Jailbirds (1940, UK)
I must be getting old. A prisoner ladles porridge into the prison Governor’s hat, with inevitable results; the prisoner escapes all punishment, and rather than be troubled by this, I simply put it down to comedic licence. Who knows; I may soon embrace action movies.
The porridge-tipper is Bill Smith (Albert Burdon), a chirpy but annoying little man, the court having found in favour of the latter descriptor; when he appears on a charge of being two years in arrears on his rates, he manages to get the court sufficiently offside with a rant about justice that he finishes getting two months in Dartwood Prison for contempt.
He is clearly not the criminal type, and is placed on garden duty with another who is not the criminal type, a female impersonator named Nick (Charles Hawtrey, later a stalwart of the Carry On movies), under the supervision of a hardened prisoner who is the criminal type, Spike Nelson (Charles Farrell). Spike confides in them a little too readily that he is burrowing through the outer wall. Why he would do so I can’t understand, but best not to question.
Maybe it’s this talk of escape that excites them, but with a solitary week to go before their sentences expire, Bill and Nick carry out a daring escape, posing as two women who are about to give a concert at the prison. Well, they hardly escape; the prison Governor, Colonel Pepper (Shaun Glenville), is rather taken with both of them and they head out the gate with him in his own car.
There are of course shenanigans while they are at large. They narrowly evade capture. Spike manages to escape through his wall and gives Nick a hot diamond necklace to mind. Nick, who is working in a bakery with Bill, hides it in some dough, which Bill then sends off to the ovens. Bill’s daughter Mary falls in love with a Police detective, Bob, who recognises Bill and is about to arrest him when Spike drops round to retrieve the necklace from Nick – which fortuitously appears in a loaf of bread in the Smiths’ kitchen.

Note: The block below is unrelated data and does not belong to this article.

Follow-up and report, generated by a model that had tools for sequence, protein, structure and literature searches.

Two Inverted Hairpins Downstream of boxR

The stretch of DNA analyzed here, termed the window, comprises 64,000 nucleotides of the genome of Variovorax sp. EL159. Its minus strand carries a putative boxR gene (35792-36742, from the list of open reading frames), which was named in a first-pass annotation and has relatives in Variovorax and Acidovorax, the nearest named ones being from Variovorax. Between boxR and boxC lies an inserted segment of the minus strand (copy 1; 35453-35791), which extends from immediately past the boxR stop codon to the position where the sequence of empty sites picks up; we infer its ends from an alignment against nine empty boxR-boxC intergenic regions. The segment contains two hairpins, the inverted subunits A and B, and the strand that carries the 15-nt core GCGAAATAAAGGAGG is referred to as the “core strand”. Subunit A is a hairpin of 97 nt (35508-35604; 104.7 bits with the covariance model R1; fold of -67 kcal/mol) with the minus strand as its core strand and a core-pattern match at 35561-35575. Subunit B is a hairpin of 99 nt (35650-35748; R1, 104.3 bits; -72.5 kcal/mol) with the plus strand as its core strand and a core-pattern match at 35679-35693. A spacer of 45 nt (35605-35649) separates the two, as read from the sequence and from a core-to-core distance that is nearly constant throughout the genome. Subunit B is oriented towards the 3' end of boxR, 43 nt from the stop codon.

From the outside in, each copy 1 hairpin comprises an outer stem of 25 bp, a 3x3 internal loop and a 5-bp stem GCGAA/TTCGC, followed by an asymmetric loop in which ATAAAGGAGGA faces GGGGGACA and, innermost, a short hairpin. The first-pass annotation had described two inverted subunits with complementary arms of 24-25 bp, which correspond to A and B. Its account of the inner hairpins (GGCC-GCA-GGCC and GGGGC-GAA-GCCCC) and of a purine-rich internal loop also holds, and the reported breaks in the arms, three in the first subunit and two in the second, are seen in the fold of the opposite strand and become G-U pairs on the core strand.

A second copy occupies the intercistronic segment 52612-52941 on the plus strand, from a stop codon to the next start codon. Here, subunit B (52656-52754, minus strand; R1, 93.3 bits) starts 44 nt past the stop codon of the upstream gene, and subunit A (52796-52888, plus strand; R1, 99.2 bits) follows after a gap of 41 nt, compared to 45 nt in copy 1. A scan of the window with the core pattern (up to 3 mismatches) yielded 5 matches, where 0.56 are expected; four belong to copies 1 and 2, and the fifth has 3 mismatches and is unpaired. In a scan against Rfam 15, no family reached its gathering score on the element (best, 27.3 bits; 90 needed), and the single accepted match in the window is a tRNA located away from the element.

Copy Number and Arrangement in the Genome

Bob is quite happy to arrest the dangerous Spike instead of his prospective father-in-law, and Bill and Nick decide to break back into the prison. They put on false beards and pretend to have been left in a cell without food or water for more than a week, and then blackmail Colonel Pepper to give them money to stop them reporting that they’d been held in custody beyond their release dates.
The plot has more holes in it than a colander, like how Bill and Nick left so little behind in a non-sewered cell, or what the prison might make of a ladder up against the wall when the two men broke back in. And it’s full of slapsticky comedy – and scenes in drag – that I normally find tedious, yet here didn’t find to be too offensive (perhaps because Hawtrey plays such an excellent woman). I am getting old.
Posted on November 30th, 2013 at 8:54 pm. Updated on November 30th, 2013 at 8:54 pm.